Femininity is something that is, according to the Bible, what God intended for women to be. So, let’s discuss some important femininity traits.
Titus 2:5: Discretion and Chastity
In this verse Paul instructs wives (and really all women),
“To be discreet, chaste, keepers at home, good, obedient to their own husbands, that the word of God be not blasphemed.”
Gotta love Paul’s frankness.
He tells women to be discreet, meaning careful with words. If you’re like me, this can be incredibly difficult which is why we need the help of the Holy Spirit to keep our mouths shut in moments we really don’t want to.
Chaste means no hanky-panky before marriage. Paul also instructs women to be restrained, or self-disciplined, keepers at home, good, and obedient to husbands.
A hefty list, but again, with the help of the Holy Spirit, that list becomes achievable.
Proverbs 31: An Ode to the Virtuous Woman
In this ode to a virtuous woman, we learn a plethora of femininity traits!
“Who can find a virtuous woman? for her price is far above rubies. The heart of her husband doth safely trust in her, so that he shall have no need of spoil. She will do him good and not evil all the days of her life.
She seeketh wool, and flax, and worketh willingly with her hands. She is like the merchants’ ships; she bringeth her food from afar.
She riseth also while it is yet night, and giveth meat to her household, and a portion to her maidens. She considereth a field, and buyeth it: with the fruit of her hands she planteth a vineyard.
She girdeth her loins with strength, and strengtheneth her arms. She perceiveth that her merchandise is good: her candle goeth not out by night.
She layeth her hands to the spindle, and her hands hold the distaff. She stretcheth out her hand to the poor; yea, she reacheth forth her hands to the needy.
She is not afraid of the snow for her household: for all her household are clothed with scarlet.She maketh herself coverings of tapestry; her clothing is silk and purple.
Her husband is known in the gates, when he sitteth among the elders of the land. She maketh fine linen, and selleth it; and delivereth girdles unto the merchant.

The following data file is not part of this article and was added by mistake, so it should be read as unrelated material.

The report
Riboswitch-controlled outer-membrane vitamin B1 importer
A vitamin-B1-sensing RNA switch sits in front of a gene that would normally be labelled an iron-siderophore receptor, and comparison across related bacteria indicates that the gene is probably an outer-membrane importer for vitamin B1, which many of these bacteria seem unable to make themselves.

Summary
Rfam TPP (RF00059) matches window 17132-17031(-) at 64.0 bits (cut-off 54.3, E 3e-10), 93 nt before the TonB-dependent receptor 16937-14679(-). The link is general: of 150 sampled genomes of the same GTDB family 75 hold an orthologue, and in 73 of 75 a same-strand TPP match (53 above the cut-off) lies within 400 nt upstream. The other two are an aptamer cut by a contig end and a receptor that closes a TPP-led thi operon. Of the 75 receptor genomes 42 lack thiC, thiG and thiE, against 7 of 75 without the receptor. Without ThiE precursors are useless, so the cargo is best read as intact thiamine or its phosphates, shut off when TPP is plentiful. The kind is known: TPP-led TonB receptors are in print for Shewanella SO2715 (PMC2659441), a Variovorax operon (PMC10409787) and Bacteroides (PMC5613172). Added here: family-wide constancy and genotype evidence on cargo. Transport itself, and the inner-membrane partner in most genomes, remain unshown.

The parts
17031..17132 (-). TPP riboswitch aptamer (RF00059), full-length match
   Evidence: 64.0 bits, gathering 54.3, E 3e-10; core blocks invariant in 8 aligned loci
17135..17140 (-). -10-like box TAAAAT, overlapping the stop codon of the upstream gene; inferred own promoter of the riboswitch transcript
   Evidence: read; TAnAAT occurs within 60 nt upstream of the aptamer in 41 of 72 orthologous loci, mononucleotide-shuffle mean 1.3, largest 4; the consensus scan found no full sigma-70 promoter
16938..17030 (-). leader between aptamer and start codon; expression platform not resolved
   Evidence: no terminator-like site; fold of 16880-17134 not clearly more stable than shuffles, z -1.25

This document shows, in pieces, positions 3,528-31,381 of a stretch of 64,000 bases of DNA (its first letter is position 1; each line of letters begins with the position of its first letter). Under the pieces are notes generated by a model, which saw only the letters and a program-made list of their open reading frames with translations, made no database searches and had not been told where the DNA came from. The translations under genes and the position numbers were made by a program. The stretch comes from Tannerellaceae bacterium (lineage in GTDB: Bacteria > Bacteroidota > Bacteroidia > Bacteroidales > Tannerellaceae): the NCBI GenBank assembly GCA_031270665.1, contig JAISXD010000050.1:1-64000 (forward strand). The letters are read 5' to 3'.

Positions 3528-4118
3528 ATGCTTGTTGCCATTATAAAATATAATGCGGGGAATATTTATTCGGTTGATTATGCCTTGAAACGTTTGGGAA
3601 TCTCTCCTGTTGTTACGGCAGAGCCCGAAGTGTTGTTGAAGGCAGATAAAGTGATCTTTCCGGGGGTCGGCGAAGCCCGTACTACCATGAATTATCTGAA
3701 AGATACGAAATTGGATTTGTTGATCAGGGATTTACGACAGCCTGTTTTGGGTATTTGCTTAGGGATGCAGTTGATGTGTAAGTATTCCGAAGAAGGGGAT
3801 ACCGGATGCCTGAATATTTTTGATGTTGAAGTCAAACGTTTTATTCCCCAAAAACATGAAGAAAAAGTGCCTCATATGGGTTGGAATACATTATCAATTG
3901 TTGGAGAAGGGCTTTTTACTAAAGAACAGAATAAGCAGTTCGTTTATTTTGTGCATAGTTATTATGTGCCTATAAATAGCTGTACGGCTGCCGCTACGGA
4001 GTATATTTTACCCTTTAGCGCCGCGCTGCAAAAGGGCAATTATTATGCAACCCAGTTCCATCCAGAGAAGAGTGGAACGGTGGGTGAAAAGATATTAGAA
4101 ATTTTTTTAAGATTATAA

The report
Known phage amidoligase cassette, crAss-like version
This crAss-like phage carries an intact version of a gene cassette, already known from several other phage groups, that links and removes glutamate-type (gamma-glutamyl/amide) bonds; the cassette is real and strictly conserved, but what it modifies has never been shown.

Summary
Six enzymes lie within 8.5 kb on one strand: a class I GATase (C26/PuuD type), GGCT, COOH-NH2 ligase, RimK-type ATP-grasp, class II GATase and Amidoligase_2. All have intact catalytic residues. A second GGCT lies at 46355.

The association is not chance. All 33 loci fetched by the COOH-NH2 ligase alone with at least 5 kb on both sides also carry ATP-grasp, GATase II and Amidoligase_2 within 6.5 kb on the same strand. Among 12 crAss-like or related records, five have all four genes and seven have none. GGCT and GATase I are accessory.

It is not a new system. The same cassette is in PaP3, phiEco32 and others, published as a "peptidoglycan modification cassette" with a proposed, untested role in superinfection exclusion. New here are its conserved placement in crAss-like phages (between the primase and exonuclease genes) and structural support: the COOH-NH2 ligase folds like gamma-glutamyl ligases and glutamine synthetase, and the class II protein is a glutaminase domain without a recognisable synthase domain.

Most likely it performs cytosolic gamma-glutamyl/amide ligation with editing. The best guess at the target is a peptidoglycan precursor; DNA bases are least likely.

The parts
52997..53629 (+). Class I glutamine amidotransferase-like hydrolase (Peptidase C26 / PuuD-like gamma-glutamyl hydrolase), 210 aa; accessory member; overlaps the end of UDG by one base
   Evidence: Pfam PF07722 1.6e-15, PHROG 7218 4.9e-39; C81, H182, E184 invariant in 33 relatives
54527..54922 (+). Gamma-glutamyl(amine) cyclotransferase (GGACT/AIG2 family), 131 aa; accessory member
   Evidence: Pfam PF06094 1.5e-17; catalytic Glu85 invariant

Strength and honour are her clothing; and she shall rejoice in time to come. She openeth her mouth with wisdom; and in her tongue is the law of kindness.
She looketh well to the ways of her household, and eateth not the bread of idleness. Her children arise up, and call her blessed; her husband also, and he praiseth her.
Many daughters have done virtuously, but thou excellest them all. Favour is deceitful, and beauty is vain: but a woman that feareth the Lord, she shall be praised.
Give her of the fruit of her hands; and let her own works praise her in the gates.”
Some things to note: the virtuous woman has many great femininity traits: she is trustworthy, her husband trusts her, good, hard worker, early riser, considerate of others, diligent, disciplined (she exercises), cares for household, wise, kind.
Please don’t think this woman was born virtuous, kind, hardworking and trustworthy. Just like the rest of us, I’m certain she had many failures, and had to push herself to be the virtuous woman she is. Just like we do.
Physical appearance is important for biblical femininity and the way we look and dress ourselves matter to God. As evidenced when Paul instructs women in 1 Timothy 2: 9-10,
“In like manner also, that women adorn themselves in modest apparel, with shamefacedness and sobriety; not with broided hair, or gold, or pearls, or costly array; But (which becometh women professing godliness) with good works.”
Pretty straight-forward verse. Paul instructs women to not spend too much time focused on physical appearance, but rather their own inward appearance was most important.
Encouraging women to “adorn themselves in modest apparel” instead of “gold, or pearls, or costly array.”
But rather to adorn oneself with the femininity traits of “shamefacedness,” or reverence to others; sobriety, defined as being sensible, and lastly to do good works.
1 Peter 3: 3-4: Gentle and Quiet Spirit
“Do not let your adorning be external—the braiding of hair and the putting on of gold jewelry, or the clothing you wear— but let your adorning be the hidden person of the heart with the imperishable beauty of a gentle and quiet spirit, which in God’s sight is very precious.”
This verse reminds me a lot of 1 Timothy 2:9-10. With two early Christian leaders teaching literally the same things almost word for word, it is clear God wanted gentleness and meekness to be apart the femininity traits in women in early Christian culture.
Peter, much like Paul, encourages women to swap elaborate hairstyles, gold jewelry and nice clothes for the “imperishable beauty of a gentle and quiet spirit”-precious in God’s sight.
It’s important to note the backstory of the book of first Timothy. Timothy lived in Ephesus around AD 50-60. At the time, this town was a wealthy trade city.
Making Paul’s comments about not indulging in fancy clothes or jewels all the more salient. As well as rampant moral depravity which led women to dress extremely provocatively in the name of female empowerment and Artemis/Diana worship.
Although my journey of modesty may look different than yours, the origin is the same for everyone: the Bible. God made males and females with different gender roles. I encourage you to study these verses and pray what your femininity journey will look like.
Blessings and love,